New Orleans Travel: Falling in Love with Two Sides
Sometimes cities can leave lasting impressions in your memories. For me, that city is New Orleans. In late 2010, my family and I spent a day in New Orleans as part of a cross country road trip. It was a whirlwind visit, as we tried to squeeze in as much as we could in one day. We had plans to see the highlights of New Orleans and sample the city’s cuisine: the French Quarter, Bourbon Street, beignets, crawfish, and the Garden District. I came to the city ready to taste what it had to offer, but what I ultimately experienced in New Orleans was something more meaningful than just a good meal.
The atmosphere on Bourbon Street was lively. Musicians were busking on the sidewalks, and the businesses were packed with tourists sampling local food and crafts.
New Orleans is well-known for its food. From gumbo to jambalaya, seafood to sweets, the city serves up tasty dishes with a southern flair and a Cajun twist. The city’s French roots, mixed with Spanish, Creole, Italian, African, and Native American influences, combine to create a cuisine that is unique, yet easily recognizable.
My husband and I had heard about the city’s famous beignets, square shaped pastries topped with powdered sugar and affectionately known as “French doughnuts.” Our first stop in the city was Café Beignet on Bourbon Street to sample these delicacies.
The beignets were delicious. The dough was the right mixture of crispy and chewy, and the powdered sugar made a sweet albeit messy accent to its slightly savory flavor. We devoured the pastries in seconds, and then headed out into the street to explore. The atmosphere on Bourbon Street was lively. Musicians were busking on the sidewalks, and the businesses were packed with tourists sampling local food and crafts.
For lunch, we decided to try some of Louisiana’s famous seafood. We were told Big Fisherman on Magazine Street was the best place for fresh crawfish, so off we went in our car, seeking seafood to fill our bellies.
New Orleans Travel: Falling in Love with Two Sides
Driving to the fish market, we passed through several of the city’s neighborhoods and districts. I was struck by how run down parts of New Orleans looked to me. It had been five years since Hurricane Katrina. Classified as a Category 5 hurricane, the storm devastated more than 80% of the city, and resulted in the deaths of over 1,500 New Orleans residents. Tens of thousands of people had to be rescued from their homes. In the Gulf Coast region, the total number of displaced people was estimated at over 1 million.
At the time of our visit, the population of New Orleans was only 75% of what it had been before the storm. This displacement was evident in many of the neighborhoods we drove through. As we made our way through the city streets, we passed by abandoned strip malls and empty buildings dilapidated from disuse. Sitting in the car watching the scenery pass by, my heart began to feel heavy, thinking about the people whose lives were uprooted by the storm.
In travel, it’s easy to love a city for its beauty and glamour. It’s not so easy, however, to love a city for its grittiness.
After buying our crawfish at Big Fisherman, we looked for a quiet place to enjoy our lunch. We stumbled upon a park across from the Convention Center called the Mississippi River Heritage Park. It had an open space and benches where we could eat. This was the perfect location for our impromptu picnic. In the center of the park was a large sculpture that resembled a tree with a house on it. I was intrigued by the sculpture, and after eating my lunch, went over to get a closer look.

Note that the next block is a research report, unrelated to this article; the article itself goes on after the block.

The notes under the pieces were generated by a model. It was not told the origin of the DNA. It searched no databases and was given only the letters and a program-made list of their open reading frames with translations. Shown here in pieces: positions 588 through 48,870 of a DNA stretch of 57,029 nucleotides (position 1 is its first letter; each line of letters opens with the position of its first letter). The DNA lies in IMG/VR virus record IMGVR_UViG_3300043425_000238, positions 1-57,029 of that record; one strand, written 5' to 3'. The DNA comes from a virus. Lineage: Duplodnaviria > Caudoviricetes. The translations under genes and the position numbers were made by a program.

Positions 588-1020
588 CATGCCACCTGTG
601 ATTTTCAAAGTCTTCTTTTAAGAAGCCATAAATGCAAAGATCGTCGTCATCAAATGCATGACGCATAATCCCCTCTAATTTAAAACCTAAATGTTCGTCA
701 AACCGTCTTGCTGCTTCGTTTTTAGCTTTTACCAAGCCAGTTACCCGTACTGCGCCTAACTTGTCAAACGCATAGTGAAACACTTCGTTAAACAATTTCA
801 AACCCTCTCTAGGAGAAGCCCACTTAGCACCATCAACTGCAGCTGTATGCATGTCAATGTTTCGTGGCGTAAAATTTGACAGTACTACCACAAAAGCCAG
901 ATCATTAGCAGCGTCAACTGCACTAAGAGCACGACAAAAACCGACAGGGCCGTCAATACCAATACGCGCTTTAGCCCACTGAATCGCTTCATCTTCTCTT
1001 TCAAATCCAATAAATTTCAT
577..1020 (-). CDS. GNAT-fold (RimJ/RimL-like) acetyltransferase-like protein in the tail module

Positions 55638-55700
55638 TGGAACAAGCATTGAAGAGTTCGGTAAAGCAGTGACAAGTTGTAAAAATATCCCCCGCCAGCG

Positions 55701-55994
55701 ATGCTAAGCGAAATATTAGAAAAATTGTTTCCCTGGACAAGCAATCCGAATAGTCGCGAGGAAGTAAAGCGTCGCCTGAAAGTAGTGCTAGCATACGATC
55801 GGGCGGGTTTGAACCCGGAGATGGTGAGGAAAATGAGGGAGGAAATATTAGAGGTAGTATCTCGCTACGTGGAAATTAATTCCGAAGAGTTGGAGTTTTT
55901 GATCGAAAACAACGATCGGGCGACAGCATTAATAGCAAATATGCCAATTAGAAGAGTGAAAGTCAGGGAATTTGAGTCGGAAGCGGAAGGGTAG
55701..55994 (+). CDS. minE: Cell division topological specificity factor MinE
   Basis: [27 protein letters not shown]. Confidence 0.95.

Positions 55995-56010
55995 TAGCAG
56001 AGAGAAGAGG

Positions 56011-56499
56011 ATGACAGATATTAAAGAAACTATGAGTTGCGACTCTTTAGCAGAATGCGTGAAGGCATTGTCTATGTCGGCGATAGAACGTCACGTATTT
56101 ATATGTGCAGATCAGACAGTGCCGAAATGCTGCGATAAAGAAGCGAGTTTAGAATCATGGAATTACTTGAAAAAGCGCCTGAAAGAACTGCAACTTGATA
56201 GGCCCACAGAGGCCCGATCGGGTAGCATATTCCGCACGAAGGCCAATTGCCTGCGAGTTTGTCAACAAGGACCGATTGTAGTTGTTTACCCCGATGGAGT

The placard next to it informed me this was an art installation by the artist Sally Heller entitled, “Scrap House.” It was created in memory of the people who were affected by Hurricane Katrina, for the homes and lives that were uprooted and left hanging in the wake of this storm. I had never experienced such devastation in my own personal life, but looking at this beautiful yet haunting sculpture, I felt as if I could almost understand what that must have felt like.
New Orleans Travel: Falling in Love with Two Sides.
I thought about the buildings and the homes that we passed as we drove through the city. For many, New Orleans is known for its Mardi Gras revelries, its food, and its thriving music scene. But there is also a tragic side to the city. Poverty exists in many parts of New Orleans. A large portion of its former residents have yet to return, having lost their homes in the storm.
Despite New Orleans’ fame, the city still has not fully recovered from the economic impacts of Hurricane Katrina. The damage that storm did to the city’s oil, fishing, and tourism industry is enormous. Yet the city persevered. Despite a slow recovery, it never lost pride in itself. Tourism now brings in over 7 million visitors a year, and Louisiana is now the second largest producer of seafood in the country.
In travel, it’s easy to love a city for its beauty and glamour. It’s not so easy, however, to love a city for its grittiness. But I like to think that cities are like people. We love people for all their sides, for their accomplishments and talents, as well as their faults and short-comings. In that short visit to New Orleans, I fell in love with the city. After experiencing such loss, it still managed to pick itself back up and open its doors to the world.
New Orleans may have many obstacles it needs to overcome, but like the people we love in our lives, we can look past those obstacles and see the strength underneath.
New Orleans Travel: Falling in Love with Two Sides photo credits: Unsplash.